Life at its core involves suffering. Even if at this moment of your life everything is all right or even better than just all right – you lead a happy and fulfilled life – this state will not last forever. Ultimately we will all face suffering – both physical and spiritual suffering. Old age, illnesses and especially our last moments – all these entail suffering. Many of the people we love will die before we leave this world. These are the facts, the truest and hardest facts, and no postmodernist attempts to convince us that this is not the case, no claims that there are no facts, that there is no objective reality and that the only things that exist are our interpretations and so on, can ever change that. Pain, suffering and death are encounters with the ultimate reality, which is also the ultimate judge in matters such as what is true or false, good or bad. Life itself is also such a judge, even if we look at it solely from a naturalistic, evolutionary perspective. The things you will leave behind – your children, various kinds of goods, including intellectual ones, cultural goods or even good memories – are a testament of the genuineness and  authenticity of your life. None of the above mentioned things – none of the things which are truly permanent and valuable can be achieved without taking up challenges and risks.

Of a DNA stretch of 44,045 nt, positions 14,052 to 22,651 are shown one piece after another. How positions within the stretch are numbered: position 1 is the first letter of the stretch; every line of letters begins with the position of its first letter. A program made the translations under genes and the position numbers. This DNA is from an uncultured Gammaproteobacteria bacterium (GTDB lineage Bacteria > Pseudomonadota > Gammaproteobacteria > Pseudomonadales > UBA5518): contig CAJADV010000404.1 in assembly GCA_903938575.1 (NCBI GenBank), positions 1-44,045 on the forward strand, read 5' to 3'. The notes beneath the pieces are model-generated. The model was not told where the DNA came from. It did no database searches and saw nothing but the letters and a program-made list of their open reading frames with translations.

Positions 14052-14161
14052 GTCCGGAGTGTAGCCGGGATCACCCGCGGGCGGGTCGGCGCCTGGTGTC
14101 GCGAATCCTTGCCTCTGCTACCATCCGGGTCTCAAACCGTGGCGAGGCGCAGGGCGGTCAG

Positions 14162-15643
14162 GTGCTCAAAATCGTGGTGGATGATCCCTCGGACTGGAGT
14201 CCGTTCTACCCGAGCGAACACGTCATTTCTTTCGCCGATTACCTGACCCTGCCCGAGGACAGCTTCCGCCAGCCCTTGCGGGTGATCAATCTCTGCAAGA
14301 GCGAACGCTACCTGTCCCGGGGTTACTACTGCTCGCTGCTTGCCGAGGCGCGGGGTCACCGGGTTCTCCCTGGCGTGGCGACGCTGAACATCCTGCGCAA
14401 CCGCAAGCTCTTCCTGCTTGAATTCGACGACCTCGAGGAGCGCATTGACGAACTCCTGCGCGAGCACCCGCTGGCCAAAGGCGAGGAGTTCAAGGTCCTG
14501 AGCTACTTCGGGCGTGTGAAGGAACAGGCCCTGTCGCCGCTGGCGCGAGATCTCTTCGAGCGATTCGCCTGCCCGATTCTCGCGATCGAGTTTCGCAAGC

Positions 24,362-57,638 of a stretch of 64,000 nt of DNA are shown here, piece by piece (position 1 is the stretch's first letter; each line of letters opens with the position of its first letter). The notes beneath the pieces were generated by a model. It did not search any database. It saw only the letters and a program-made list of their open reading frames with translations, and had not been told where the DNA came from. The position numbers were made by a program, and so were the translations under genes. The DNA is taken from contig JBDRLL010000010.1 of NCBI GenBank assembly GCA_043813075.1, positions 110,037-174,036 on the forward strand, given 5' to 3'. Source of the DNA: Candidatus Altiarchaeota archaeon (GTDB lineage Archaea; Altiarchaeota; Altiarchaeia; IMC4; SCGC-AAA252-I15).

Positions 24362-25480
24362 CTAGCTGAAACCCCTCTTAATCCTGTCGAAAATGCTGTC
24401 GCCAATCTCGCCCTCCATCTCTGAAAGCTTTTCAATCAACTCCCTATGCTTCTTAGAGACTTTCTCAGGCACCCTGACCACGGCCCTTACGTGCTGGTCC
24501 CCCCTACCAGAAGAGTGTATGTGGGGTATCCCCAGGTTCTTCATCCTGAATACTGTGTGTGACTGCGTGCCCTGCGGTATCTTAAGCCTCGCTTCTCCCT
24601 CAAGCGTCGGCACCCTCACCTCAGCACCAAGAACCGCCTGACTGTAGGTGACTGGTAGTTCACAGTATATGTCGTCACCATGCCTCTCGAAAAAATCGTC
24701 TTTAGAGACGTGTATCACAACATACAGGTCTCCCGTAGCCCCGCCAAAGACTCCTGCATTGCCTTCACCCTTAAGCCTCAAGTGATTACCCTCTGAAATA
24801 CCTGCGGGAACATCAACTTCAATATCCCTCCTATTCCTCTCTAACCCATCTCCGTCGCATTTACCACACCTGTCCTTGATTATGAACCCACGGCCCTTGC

However, we should not envisage in advance, just in our imagination, the suffering that will come in the future. This paralyses our actions and can set us up for failure, just like it did in the case of the Israelites. This being said, we should live in such a way so as to prepare emotionally and mentally for all the bad things that we’re going to face in the future. We can achieve such a state of preparedness through spirituality and this is something which religious people have been telling us for a very long time, since the beginning of our human written history. This is the message conveyed by most, if not by all the world’s religions, although the specific solutions to the problem of suffering offered by those religions may vary.